Blame the insurance companies, not Obamacare (Juan Williams)
Insurance cancelled? Don't blame Obama or the ACA, blame America's insurance companiesYou can read the rest here.
Liar! Pinocchio! Deceiver!
With all the charges flying against President Obama in the on-going effort to stop ObamaCare it’s time for a reality check.
Having failed to kill the Affordable Care Act in Congress by shutting down the government the opposition is currently taking delight in charging the president with lying to the public when he said anyone who likes their current healthcare plan will be able to keep it under the new law.
It turns out that some people in the individual care market – about 5 percent of the overall insurance market -- are having their insurance policies cancelled.
It is estimated that half of those folks will get better coverage for a lower price. Some people will even get subsidies to help them pay the lower price.
But some people losing their current policies [and being offered better coverage] are going to have to pay a higher price. Taking crocodile tears to a new level, ObamaCare opponents are now rushing to their defense and calling the president a liar.
These critics include Republican politicians who did not vote for ObamaCare; these are Republican governors who refuse to set up exchanges to reach their own citizens; these are people oppose expanding Medicaid to help poor people getting better health care; these are people who have never put any proposal on the table as an alternative fix for the nation’s costly health care system that leaves tens of millions with inadequate medical coverage and tens of millions more totally uninsured.
The fact is if you are one of the estimated 2 million Americans whose health insurance plans may have been cancelled this month, you should not be blaming President Obama or the Affordable Care Act.
You should be blaming your insurance company because they have not been providing you with coverage that meets the minimum basic standards for health care.
Let me put it more bluntly: your insurance companies have been taking advantage of you and the Affordable Care Act puts in place consumer protection and tells them to stop abusing people.
The government did not “force” insurance companies to cancel their own substandard policies.The insurance companies chose to do that rather than do what is right and bring the policies up to code.
One of the most popular and important provisions of the Affordable Care Act is setting basic minimum standards of medical insurance coverage. Here are some of those standards:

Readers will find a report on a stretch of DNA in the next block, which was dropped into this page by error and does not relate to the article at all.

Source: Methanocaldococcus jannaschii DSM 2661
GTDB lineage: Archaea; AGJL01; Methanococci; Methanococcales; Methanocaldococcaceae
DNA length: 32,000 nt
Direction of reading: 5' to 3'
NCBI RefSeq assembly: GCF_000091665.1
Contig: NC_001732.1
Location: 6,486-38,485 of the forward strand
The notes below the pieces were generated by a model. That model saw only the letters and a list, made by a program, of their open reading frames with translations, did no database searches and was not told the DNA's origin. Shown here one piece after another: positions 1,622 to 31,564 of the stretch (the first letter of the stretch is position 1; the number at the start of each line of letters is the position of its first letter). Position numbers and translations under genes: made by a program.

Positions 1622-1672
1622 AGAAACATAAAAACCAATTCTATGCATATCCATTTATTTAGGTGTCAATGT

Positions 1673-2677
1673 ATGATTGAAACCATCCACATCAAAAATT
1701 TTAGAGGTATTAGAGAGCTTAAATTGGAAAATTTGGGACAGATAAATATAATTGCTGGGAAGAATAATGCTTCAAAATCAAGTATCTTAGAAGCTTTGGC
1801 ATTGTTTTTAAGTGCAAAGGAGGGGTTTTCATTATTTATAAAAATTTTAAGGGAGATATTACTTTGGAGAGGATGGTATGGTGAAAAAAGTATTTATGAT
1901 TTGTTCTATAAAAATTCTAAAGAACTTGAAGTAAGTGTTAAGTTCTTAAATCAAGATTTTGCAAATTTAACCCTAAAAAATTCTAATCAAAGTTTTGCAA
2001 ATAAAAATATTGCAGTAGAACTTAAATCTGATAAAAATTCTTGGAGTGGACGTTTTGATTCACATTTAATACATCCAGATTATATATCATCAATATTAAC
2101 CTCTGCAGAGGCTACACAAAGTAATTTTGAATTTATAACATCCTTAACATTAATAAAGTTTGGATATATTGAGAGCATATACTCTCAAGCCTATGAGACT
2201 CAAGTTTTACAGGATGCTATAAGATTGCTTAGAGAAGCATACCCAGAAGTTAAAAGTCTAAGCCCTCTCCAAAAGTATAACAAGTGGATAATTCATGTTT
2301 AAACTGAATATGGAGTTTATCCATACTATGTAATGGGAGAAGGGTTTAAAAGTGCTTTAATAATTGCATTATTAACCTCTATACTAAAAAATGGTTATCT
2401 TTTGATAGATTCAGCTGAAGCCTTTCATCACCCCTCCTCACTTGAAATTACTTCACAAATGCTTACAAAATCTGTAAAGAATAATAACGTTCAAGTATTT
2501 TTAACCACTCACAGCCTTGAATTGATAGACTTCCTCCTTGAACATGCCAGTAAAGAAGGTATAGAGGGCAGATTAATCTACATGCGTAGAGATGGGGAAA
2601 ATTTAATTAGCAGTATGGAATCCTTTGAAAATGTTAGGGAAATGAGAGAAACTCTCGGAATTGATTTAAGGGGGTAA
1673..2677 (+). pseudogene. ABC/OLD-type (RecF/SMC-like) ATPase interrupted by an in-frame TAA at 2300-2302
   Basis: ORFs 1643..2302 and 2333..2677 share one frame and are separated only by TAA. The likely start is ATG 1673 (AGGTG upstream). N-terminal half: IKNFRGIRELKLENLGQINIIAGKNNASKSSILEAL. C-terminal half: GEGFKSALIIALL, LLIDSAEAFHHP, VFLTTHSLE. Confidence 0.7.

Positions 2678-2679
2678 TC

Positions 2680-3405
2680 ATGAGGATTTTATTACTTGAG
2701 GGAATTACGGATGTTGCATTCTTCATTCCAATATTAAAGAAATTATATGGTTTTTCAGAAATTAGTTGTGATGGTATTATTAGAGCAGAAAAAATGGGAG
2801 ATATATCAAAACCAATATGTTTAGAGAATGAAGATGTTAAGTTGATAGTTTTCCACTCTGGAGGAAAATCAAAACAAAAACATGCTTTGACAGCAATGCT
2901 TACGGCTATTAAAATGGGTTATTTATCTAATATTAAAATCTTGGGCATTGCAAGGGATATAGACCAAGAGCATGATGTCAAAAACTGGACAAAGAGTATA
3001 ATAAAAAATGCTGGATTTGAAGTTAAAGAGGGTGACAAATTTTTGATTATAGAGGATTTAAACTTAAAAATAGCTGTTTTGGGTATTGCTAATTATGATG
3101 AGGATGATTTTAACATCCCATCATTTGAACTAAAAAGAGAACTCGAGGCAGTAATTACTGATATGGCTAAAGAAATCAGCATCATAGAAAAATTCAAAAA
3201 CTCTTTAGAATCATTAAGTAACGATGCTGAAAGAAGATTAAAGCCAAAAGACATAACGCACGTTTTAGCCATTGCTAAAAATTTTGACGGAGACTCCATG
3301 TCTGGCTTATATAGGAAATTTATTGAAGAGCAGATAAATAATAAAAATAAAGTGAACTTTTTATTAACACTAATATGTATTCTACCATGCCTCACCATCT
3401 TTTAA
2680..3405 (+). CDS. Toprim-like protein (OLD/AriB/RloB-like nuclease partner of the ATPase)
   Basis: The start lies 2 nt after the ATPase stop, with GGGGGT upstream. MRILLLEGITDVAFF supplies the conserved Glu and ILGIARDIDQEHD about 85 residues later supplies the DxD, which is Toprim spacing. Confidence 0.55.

The American health insurance industry is one of the most profitable in the history of the world. Before the ACA, they made money by finding any excuse, any loophole to deny coverage to the sickest and most vulnerable people in our society.
[JW: Amidst the polemics over health care reform during the past five years or so, you may have seen arguments claiming that US health insurance companies actually have low profit margins. But the numbers offered to support those arguments are generally quite misleading, not least because the "costs" used to calculate those profit margins include executive salaries, marketing, and various other sorts of overhead linked to the fact that they are profit-making enterprises. The only figure that really matters is the so-called Medical Loss Ratio—that is, how much of their revenue do they actually spend on health care. The Affordable Care Act requires them to spend at least 80-85% on health care, with slight variations according to various details, and many companies whined and complained about that. The equivalent figure for Medicare is about 98%. Draw your own conclusions.]
Rather than being vindictive and canceling policies under the pretext of ObamaCare, the insurance companies should be thanking their lucky stars that they do not have to contend with a public option or a single payer system. That is what the law allows in every other modern industrialized democracy.
[JW: Actually, some other successful systems include a role for heavily regulated non-profit insurance companies. But Williams is basically right.]